Published on January 25th, 2022 | by Daniel Sherman Fernandez0
Ford Capri Celebrates Its 53rd Birthday Today
Is the Capri older than you or younger?
Our earliest memory of the Ford Capri was watching the popular TV series, ‘The Professionals’.
On this day some fifty plus years ago a true British sports car was born and today it is almost forgotten as you hardly see it on the road. Once a common sight in Klang Valley and Penang, the Capri was the sports car of the day with its long slender nose, short rump and sporty stance. Like its sibling, the Escort and Cortina, it was Ford of Britain’s greatest time in the Asian automotive market and some.
To be more precise, on January 24th 1969, Ford unveiled to the attending media a brand new car at the Brussels Motor Show, the Capri.
Production at the Halewood plant in Liverpool, England had actually begun two months earlier to ensure that every English Ford dealer would have at least one unit of the Ford Capri in its showroom by the time sales started in February the same year.
From 1969 onwards, the Capri was produced for global sales until 1986 and in that time nearly two million units were sold to the Commonwealth. It only had a handful of European rivals. The Opel Manta was its closets rival followed by the Renault Feugo and the much more expensive Porsche 924.
The Japanese had a dozen or so rivals, but in Britain, the Capri was the sports car every young lad wanted. The Nissan 240Z and Toyota Celica ST were true rivals in terms of looks and power delivery, but, it was a time when Japanese sports car were not respected. Today all that has changed completely.
The initial idea for the car was thought up between Ford of England and Ford of Germany (The Ford Granada was a German idea). The car was named Colt during development stage, but Ford were unable to use the name, as it was trademarked by Mitsubishi. It was marketed as “The car you always promised yourself” and was seen as Europe’s answer to the Ford Mustang.
It was instantly successful, likely because Ford offered the model with a wide range of engines and trim levels to suit different pockets: a year after sales began, a quarter of a million models had been built. Another six months later, more than one million had been sold.
The Capri over the years boasted 26 derivatives and with a mixture of engines starting from a humble ‘teachers’ 1.3L, a government servant 1.6L, the small business owners 2.0L and then followed by the rich kids 3-litre V6. There was also the Cologne-built RS2600 and the short-lived Halewood built 124mph RS3100 which is very rare.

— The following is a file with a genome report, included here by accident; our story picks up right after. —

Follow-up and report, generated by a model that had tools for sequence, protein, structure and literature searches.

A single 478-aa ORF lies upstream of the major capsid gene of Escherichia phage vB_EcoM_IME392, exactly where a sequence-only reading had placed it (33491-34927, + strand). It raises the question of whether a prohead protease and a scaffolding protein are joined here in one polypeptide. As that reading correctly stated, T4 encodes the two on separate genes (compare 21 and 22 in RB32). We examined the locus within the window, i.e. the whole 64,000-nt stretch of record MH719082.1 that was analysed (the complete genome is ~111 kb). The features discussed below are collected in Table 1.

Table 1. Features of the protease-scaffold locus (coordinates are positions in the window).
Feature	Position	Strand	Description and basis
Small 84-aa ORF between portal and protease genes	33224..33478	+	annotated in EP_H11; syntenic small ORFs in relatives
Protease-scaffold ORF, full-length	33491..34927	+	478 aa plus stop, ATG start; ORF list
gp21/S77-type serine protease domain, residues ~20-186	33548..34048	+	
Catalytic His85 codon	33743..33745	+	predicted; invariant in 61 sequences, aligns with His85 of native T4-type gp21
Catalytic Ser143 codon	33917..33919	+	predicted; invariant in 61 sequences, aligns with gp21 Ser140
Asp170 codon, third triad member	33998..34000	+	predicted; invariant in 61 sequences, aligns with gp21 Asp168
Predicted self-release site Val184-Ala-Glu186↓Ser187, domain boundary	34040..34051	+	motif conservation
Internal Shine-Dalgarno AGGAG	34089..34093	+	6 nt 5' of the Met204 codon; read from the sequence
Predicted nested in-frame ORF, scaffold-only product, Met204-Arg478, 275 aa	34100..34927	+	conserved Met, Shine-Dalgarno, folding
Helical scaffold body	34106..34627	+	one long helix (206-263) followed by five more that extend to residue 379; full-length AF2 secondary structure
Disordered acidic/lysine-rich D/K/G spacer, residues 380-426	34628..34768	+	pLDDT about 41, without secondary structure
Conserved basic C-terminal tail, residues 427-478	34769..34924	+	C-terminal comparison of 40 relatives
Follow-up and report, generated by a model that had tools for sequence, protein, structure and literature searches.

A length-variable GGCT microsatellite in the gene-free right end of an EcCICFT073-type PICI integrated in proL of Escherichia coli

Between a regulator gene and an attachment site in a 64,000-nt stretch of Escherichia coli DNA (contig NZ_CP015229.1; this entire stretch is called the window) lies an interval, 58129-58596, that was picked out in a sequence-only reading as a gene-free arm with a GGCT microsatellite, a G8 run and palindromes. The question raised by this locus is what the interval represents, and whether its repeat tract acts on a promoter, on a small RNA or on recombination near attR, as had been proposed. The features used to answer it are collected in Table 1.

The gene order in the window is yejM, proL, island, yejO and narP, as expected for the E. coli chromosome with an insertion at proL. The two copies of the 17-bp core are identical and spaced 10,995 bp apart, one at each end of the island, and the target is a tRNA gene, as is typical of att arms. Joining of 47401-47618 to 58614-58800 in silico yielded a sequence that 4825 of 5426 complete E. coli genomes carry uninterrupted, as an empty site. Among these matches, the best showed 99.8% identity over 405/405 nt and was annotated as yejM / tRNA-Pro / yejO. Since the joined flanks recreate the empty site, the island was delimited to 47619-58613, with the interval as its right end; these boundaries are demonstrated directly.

In 1981 the newly-formed Special Vehicle Engineering department launched its first project, the 160bhp Capri 2.8L injection which arrived in Malaysia in very small numbers.
Meanwhile, the Ford Capri has a strong history in motorsport, with many impressive accolades to its name. Shortly after Ford’s Motorsport department came to fruition in June of 1969, the first ever all-wheel-drive Capri took victory in a rally stage in the north of England. In 1972, German driver Jochen Mass won the European Touring Car Championship in a Capri RS.
In July of 1978, Ford and Zakspeed collaborated to produce the Group 5 Ford Zakspeed Turbo Capri. The car featured a 1.4-litre, turbocharged four-cylinder power-plant, producing over 400bhp to push it to a top speed of over 170mph.
In 1981, a modified version of the original Zakspeed Turbo Capri won the German Racing Championship. The new car had a peak power output of almost 600bhp, 347ft lbs of torque, pushing it to a top speed of 205mph.
Today, the Capri in Malaysia is rare and mostly rusted away in towns like Taiping, Penang and Ipoh where it was popular.
Collectors in Britain are starting to pay high prices for well kept Capri’s as values of Escorts and Cortina’s rise by three and four fold in the last five years.